Today I explored a parking garage. Yes, I know it sounds like the most pointless thing in the world to do, but if you come along with me I'll try to tell you what I see, and why I find it so fascinating.
The location of this parking garage is on Block 23, between Washington and Jefferson along 2nd Street, where the 1953 JC Penney's building was, in Phoenix, Arizona. You may have parked there while you were at the big game - I saw a lot of people doing that today. But if all you're seeing is a parking garage, you're missing so much. Time travel with me.
|Looking west on Washington towards 2nd Street, and JC Penney's, in the 1950s, Phoenix, Arizona.|
It's 1953 and the Del Webb Company has just finished the ultra-modern JC Penney's building in downtown Phoenix. This really was the last great effort to try to keep shoppers coming downtown, instead of shopping in the new malls that were being built. So while the building itself was impressive, the parking garage was even more so.
There were, and are, three levels. The entrance was on the northwest corner of 2nd Street and Jefferson, where there was also a Chevron gas station. And to exit the parking garage, JC Penney customers rode escalators that took them up to Washington.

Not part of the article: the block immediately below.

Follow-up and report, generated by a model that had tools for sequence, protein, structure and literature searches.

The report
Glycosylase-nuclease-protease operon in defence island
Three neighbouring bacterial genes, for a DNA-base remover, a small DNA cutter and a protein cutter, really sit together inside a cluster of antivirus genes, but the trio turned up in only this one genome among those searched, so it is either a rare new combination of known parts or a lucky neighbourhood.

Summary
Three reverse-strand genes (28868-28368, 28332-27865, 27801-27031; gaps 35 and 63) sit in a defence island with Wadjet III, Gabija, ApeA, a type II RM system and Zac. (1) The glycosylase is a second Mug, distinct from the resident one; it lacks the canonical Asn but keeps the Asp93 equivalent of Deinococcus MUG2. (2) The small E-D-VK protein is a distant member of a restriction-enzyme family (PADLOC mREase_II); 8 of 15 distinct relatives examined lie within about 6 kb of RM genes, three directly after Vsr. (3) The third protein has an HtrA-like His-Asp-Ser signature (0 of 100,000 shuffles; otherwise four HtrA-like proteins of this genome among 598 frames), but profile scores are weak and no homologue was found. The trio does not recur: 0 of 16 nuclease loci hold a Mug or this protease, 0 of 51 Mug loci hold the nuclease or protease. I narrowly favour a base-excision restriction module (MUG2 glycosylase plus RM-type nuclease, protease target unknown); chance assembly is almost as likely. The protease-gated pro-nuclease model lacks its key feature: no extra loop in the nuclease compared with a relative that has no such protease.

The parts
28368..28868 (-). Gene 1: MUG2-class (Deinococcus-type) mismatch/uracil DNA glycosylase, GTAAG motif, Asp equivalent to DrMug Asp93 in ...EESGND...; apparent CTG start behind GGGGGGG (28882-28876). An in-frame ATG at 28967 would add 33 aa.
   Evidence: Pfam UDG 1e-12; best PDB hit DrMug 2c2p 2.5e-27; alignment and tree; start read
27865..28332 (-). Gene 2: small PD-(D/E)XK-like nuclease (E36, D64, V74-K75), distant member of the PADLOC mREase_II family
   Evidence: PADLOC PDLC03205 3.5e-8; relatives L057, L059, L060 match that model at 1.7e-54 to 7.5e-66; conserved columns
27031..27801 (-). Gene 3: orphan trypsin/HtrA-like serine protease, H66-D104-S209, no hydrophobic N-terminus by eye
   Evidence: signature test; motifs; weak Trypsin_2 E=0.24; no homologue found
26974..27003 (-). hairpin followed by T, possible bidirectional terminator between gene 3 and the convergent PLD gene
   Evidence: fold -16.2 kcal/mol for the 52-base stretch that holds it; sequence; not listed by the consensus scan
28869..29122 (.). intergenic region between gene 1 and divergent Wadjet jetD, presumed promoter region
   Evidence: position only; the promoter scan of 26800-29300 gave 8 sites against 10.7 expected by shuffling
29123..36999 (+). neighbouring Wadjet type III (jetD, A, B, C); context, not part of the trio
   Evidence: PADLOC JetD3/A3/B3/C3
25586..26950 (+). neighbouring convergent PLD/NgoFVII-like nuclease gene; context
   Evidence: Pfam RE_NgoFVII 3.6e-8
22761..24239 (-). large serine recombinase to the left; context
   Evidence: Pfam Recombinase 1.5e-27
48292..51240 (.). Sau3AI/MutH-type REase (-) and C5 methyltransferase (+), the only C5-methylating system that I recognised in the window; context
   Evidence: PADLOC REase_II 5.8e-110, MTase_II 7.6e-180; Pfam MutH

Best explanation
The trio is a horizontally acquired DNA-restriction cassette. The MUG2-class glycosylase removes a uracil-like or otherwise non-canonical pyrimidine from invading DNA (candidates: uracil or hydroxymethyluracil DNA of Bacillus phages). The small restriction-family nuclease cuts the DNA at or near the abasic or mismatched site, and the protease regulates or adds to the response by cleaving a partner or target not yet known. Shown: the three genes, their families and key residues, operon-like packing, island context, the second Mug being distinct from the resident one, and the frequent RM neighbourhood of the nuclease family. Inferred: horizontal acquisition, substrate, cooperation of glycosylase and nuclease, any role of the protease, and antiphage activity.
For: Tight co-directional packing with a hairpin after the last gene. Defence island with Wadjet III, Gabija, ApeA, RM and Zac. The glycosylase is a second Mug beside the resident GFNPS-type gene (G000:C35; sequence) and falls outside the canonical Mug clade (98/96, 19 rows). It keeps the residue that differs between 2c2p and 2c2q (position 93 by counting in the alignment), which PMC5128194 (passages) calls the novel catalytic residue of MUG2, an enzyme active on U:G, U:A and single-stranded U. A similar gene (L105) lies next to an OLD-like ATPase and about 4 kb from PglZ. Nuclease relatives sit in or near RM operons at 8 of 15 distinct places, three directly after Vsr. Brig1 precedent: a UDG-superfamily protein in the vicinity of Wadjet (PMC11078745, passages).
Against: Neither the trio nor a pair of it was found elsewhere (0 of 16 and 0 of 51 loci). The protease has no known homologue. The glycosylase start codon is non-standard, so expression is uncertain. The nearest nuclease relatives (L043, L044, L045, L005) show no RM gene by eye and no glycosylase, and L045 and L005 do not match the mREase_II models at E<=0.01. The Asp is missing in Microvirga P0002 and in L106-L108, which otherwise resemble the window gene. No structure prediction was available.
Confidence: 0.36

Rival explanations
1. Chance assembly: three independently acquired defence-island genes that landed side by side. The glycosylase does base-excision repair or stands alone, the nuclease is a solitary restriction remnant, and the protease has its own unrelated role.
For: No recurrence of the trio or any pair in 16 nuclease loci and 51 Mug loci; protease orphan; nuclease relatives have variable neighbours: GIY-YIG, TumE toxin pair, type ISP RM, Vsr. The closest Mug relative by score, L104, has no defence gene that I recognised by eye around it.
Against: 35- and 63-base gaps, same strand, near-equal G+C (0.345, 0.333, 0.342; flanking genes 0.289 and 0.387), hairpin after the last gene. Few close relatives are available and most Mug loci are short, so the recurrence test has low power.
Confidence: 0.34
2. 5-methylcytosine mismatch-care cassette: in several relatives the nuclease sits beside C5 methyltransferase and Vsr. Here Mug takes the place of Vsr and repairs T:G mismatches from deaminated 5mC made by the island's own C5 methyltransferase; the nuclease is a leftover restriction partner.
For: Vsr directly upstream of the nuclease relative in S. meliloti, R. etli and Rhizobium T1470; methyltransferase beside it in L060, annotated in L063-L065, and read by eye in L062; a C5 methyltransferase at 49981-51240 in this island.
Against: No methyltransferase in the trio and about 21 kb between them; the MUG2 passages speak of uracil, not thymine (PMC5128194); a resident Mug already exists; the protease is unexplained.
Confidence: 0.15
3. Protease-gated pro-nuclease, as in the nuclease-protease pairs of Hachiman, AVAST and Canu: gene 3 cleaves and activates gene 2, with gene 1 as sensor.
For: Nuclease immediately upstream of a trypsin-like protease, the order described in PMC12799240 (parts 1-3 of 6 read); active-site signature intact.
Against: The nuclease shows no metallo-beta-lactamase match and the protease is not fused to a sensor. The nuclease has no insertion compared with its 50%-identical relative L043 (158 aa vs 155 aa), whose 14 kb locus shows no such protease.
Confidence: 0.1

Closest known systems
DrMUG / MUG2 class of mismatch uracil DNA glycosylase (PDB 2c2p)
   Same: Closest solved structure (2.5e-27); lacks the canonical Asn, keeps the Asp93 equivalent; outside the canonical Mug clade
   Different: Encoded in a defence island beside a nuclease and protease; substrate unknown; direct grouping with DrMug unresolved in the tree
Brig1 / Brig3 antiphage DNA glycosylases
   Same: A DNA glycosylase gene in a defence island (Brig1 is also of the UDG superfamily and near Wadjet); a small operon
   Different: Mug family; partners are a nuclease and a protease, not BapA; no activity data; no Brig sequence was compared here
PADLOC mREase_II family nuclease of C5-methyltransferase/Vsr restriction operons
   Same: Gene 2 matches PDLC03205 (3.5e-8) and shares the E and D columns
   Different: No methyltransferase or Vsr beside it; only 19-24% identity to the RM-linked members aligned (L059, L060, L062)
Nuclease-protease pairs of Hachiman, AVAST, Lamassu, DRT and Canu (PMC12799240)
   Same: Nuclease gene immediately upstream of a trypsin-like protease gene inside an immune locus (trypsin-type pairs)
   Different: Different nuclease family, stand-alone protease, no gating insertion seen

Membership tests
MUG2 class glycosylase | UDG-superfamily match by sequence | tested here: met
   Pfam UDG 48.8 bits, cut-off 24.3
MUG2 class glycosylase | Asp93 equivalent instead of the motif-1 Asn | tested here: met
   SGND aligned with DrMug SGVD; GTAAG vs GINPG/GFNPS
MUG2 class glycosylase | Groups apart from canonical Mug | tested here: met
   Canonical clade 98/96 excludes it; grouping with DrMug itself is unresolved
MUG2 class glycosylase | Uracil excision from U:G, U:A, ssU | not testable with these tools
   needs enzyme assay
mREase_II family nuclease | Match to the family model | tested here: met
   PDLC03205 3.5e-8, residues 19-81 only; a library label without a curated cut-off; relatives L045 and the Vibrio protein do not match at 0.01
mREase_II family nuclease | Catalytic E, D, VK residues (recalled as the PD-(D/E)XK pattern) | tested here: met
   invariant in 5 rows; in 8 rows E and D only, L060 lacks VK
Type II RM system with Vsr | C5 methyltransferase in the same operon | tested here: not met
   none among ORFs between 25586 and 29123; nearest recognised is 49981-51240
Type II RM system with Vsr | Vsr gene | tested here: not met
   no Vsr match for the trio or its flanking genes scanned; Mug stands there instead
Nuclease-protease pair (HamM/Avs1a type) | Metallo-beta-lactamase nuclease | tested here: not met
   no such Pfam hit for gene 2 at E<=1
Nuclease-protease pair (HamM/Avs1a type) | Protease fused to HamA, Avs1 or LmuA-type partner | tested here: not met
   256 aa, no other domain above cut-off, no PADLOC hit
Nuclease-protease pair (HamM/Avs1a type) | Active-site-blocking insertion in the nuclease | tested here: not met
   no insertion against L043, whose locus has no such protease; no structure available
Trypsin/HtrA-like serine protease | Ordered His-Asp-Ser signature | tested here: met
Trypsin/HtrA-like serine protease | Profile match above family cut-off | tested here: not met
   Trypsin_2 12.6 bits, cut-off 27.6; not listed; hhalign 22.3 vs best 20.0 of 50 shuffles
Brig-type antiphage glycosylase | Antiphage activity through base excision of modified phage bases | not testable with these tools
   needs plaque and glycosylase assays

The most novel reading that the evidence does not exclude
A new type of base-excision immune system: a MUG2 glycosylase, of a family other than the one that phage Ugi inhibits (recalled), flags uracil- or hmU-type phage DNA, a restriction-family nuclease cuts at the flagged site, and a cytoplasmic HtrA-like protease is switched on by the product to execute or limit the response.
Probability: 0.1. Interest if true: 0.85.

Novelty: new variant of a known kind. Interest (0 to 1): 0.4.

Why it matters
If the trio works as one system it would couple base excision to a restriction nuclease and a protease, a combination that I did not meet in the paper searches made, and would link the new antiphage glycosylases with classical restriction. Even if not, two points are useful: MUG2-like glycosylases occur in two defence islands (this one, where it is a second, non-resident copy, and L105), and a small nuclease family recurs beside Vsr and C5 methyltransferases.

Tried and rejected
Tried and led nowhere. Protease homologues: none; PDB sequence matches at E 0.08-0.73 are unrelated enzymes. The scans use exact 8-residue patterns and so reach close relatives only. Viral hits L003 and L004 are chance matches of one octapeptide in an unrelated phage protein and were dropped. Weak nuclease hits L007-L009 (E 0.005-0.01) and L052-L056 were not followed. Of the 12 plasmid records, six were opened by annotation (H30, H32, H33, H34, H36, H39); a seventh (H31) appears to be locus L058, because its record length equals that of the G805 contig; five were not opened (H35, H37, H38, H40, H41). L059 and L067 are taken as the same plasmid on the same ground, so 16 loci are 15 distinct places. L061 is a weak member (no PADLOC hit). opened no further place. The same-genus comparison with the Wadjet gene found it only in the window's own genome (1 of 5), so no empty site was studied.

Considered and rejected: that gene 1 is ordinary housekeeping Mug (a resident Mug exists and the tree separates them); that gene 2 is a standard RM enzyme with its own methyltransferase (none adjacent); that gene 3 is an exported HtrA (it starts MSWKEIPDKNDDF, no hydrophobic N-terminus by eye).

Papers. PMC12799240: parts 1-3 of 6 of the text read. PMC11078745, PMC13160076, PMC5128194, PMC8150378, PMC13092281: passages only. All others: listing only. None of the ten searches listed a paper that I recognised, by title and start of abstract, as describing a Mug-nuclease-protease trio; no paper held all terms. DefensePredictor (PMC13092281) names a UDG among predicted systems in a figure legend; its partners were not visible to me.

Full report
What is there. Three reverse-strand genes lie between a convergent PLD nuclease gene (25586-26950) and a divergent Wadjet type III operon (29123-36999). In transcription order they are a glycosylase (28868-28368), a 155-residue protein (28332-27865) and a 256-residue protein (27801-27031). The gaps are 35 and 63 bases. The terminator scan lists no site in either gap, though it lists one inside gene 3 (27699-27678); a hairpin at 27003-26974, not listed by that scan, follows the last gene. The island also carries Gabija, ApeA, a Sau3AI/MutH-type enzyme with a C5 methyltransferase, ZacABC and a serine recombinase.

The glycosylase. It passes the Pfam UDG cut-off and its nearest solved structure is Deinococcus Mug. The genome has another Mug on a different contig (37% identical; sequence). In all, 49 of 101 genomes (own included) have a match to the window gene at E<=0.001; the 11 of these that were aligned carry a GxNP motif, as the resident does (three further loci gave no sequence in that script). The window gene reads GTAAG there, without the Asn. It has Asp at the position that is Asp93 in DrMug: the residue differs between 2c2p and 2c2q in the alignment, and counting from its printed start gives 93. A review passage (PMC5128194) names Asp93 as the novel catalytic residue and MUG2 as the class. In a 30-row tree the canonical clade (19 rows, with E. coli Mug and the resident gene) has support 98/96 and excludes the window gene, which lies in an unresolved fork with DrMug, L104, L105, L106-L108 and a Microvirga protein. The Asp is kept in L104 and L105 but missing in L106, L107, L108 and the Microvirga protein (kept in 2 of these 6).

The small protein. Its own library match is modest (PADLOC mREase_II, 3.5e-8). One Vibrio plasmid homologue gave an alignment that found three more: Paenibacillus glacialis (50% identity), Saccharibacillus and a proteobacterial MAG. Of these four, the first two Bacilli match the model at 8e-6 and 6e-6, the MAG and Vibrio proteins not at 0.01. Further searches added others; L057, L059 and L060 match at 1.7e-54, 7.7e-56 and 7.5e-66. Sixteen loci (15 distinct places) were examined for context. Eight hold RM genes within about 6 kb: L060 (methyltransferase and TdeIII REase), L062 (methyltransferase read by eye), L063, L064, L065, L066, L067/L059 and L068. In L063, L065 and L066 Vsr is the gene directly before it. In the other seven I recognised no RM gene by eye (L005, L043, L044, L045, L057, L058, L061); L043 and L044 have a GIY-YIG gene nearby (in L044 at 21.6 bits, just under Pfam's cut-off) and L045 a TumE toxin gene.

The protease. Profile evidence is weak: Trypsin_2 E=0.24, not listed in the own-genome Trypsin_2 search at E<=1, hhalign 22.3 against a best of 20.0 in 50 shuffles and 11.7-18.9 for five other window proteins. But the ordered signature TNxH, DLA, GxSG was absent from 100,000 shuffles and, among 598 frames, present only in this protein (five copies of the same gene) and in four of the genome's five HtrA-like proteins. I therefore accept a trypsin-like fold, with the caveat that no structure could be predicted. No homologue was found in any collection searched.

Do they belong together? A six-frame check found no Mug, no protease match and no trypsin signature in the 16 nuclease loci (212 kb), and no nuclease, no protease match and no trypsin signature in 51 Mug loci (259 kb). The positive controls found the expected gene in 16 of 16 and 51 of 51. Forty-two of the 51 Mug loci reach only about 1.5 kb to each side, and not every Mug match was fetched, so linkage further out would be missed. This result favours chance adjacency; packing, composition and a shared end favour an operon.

|Article about the JC Penney's parking garage in 1953. Note the escalators.|
My goal today was to find the escalators, or at least where they were. And it was easy. There's a blocked-off door way back in the northwest corner of the garage, and you can still see how the entrance worked. And, although the escalator is all crunched up, it's still there, if you peek through a little window.
|1953 escalator entrance from the bottom level of the JC Penney's parking garage.|
If you want to time-travel back to the 1950s, walk along the sidewalk on Washington from about halfway between 1st to 2nd Street. Still embedded in the sidewalk is the original plaque set by Del Webb when they began construction in 1952. And if you look very closely, you can even see, peeking out where the asphalt was poured over them, the original tiles for the entrance. I don't know if asphalt can be removed without damaging the tiles, or if anyone other than me cares, but I think that it would be way cool for them to see the light of day again, maybe when the block is redeveloped.
Thank you for history adventuring with me.
|1952 construction plaque for the JC Penney building, Washington near 2nd Street.|
|The 1953 tiles from the entrance to JC Penneys, peeking out along the edge of the sidewalk on Washington near 2nd Street.|
|Article about the underground parking garage in 1953.|
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